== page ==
Form – This refers to the recent results of the sides involved. The form will tell you who goes into the game or tournament on the back of a good or bad run, and will influence the odds the bookie gives you.
Fractional Odds – These odds are extremely popular and the most widely used in European betting. For example, fractional odds appear as ‘5/1’. This means that if you put £1 on and your bet wins, you will win £5 and have your £1 returned. Odds-on will appear in this format: ‘1/2’ or similar, and it means that if you put £2 on, then you will get £1 back along with your £2 bet.
Free Bet – The most widely used and straightforward promotion. It refers to any bet you place that does not require you to stake your own money. The winnings are usually paid out as free bets, and if it is paid as real money, then there will be wagering requirements attached to it that you must adhere to before being able to withdraw your money.
Futures – A bet placed on an event or series that is yet to take place. The result of a futures bet will be determined in the future, and not on the day it is placed.
Googly – Bowled by a right-arm leg spinner, the googly spins the opposite way to a standard leg spinner’s delivery, meaning it will go towards the leg stump, rather than towards the off stump.
Handicap – Used in order to make a game more of a contest, bookmakers will give a side a handicap to overcome in the match. For the favourite, this will be a negative handicap, such as -30 runs, meaning they will have to beat the opposition by 31 runs or more in order to see your bet win. It will provide longer odds than the standard match winner market in this circumstance.
Highest First Six Overs – Wager on the team that you think will score the most runs in the first six overs (36 balls).
Highest Opening Partnership – Wager on the team that you think will score the most runs between their openers before they lose a wicket. The team that scores the most runs before losing a wicket will see you win this market.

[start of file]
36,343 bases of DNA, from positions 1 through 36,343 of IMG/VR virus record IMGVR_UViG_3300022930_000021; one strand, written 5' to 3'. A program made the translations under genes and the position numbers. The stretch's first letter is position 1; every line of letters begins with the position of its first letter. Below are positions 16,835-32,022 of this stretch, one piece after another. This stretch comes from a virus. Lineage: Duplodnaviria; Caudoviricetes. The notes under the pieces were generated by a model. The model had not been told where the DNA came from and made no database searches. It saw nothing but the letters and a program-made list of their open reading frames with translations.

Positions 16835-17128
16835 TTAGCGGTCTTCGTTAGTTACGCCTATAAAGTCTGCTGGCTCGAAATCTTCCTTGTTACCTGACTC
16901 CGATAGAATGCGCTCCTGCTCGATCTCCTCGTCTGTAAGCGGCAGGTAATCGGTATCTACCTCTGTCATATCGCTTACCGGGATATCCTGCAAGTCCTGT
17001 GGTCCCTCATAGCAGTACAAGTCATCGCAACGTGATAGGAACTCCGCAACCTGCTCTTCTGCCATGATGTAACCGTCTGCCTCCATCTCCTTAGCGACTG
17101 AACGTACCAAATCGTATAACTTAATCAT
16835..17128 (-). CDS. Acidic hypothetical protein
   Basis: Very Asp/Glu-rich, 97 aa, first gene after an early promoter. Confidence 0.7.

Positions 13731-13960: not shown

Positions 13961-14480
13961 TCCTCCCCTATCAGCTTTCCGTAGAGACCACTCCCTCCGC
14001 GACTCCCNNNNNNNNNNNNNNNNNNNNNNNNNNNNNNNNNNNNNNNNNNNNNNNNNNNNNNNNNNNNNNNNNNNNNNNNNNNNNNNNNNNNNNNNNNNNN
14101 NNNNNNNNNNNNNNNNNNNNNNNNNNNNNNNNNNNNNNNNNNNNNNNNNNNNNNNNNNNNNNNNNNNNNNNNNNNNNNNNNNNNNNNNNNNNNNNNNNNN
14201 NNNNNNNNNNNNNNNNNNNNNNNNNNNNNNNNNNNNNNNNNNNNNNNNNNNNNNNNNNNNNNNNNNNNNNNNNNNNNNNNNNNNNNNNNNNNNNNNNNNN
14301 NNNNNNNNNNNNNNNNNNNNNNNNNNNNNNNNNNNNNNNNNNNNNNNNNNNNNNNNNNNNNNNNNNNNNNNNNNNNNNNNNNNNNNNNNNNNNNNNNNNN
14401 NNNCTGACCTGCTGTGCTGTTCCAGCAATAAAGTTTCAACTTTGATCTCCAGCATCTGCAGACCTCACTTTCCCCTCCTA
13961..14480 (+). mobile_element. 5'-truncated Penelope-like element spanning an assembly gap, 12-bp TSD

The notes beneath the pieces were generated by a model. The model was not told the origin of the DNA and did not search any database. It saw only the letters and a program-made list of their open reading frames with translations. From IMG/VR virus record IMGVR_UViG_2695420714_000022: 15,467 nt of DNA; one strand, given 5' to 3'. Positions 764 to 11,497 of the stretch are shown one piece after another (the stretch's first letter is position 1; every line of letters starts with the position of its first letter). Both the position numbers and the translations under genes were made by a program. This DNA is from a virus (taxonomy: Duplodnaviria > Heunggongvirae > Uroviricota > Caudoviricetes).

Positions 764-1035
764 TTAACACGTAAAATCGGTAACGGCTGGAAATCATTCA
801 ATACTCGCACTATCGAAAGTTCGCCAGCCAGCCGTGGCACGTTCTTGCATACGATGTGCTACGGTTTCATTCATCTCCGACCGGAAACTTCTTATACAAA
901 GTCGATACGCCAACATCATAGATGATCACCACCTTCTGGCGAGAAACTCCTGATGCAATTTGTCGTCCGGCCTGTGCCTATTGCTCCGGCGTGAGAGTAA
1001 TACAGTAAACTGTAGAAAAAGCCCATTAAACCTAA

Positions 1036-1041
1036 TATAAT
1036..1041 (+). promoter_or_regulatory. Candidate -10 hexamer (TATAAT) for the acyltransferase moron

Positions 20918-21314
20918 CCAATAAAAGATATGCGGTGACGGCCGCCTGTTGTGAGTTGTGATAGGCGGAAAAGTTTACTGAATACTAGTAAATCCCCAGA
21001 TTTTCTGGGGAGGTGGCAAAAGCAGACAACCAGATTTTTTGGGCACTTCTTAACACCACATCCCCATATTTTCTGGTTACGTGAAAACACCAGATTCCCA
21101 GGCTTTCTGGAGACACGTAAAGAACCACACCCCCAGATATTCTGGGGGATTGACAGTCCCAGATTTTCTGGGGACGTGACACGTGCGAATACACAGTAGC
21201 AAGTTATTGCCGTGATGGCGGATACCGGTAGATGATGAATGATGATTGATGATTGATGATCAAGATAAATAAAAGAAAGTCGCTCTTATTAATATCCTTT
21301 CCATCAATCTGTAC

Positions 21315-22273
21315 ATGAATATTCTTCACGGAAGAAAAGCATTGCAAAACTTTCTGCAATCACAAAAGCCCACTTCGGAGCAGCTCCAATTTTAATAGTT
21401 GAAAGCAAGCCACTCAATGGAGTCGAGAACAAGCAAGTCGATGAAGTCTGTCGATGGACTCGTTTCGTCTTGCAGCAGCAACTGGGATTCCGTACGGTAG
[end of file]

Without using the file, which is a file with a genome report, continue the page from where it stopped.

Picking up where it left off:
Innings – There are two definitions of an innings. The first is when a team has 10 wickets in their innings to try to score as many runs as possible. The second is a player-specific innings, where a batsman tries to score as many runs as they can before losing their wicket.
International Cricket – When international teams such as India, England and Australia play against each other in any format of the game.
IPL – Betting on the IPL (Indian Premier League) is betting on the most popular club cricket competition in the world. With many of the best T20 players in the world converging on India to take part, it is seen as the number one event in T20 cricket outside of the World Cup.
Joint-Favourites – When there is more than one favourite to win a match or event.
Lay – When you choose to bet against a team or side to win. This is often done on betting exchanges.
LBW – Known as Leg Before Wicket, an LBW is when the batsman is trapped as the ball hits a part of their body that is not their bat or hands in front of the stumps. It is important to note that an umpire’s decision will be changed depending on where the ball pitches, if it hit in line with the wickets and whether or not the batsman was attempting to hit the ball. The batsman cannot be out LBW if the ball pitches on the leg-side.
Leg Bye – A run scored by the batting team when the ball did not hit the bat, instead hitting the batsman’s body.
Lengthen – The opposite of when odds shorten. When odds lengthen, it is because the bookmaker deems the chances of this bet coming in as lessening. For example, if Pakistan were to lose five quick wickets, then their odds would lengthen as they have less chance of winning.
Live Betting – When you place bets while a game is in play.
Live Streaming – A function that many of the top online bookies offer. It allows you to watch and bet on the biggest events. To live stream a game, you usually need to either have a funded account, have made a bet in the last 24 hours or have made a bet on the game you want to watch.
Long Shot – A term given to a pick that is believed to have a very small chance of winning, also known as an outsider.
Loyalty Programme – Any promotion that is offered to long-term customers of a certain site can be considered a loyalty programme.
Man of the Match – The individual who performs best during a match. It can be a batsman that scores a lot of runs, a bowler that takes a lot of wickets, a fielder with a game-winning contribution or all of these mentioned. This market can be quite subjective, however, as it is usually the commentator that chooses the Man of the Match.
Minimum Bet – The lowest amount you are able to bet with a specific bookie. It will often change depending on the sport and event.
Mobile Betting – This is betting done on a mobile device. Most betting sites are now optimised to mobile players, who dominate the online betting scene.
Most Run Outs – Wager on which team will have the most run outs.
No Deposit Free Bet – A free bet that can be claimed and used without having to make a deposit. With most new-customer free bets, you will have to make some kind of deposit to unlock them; no deposit free bets do not require you to do so. Be aware of the fact that you will more than likely have to deposit something in order to withdraw your winnings.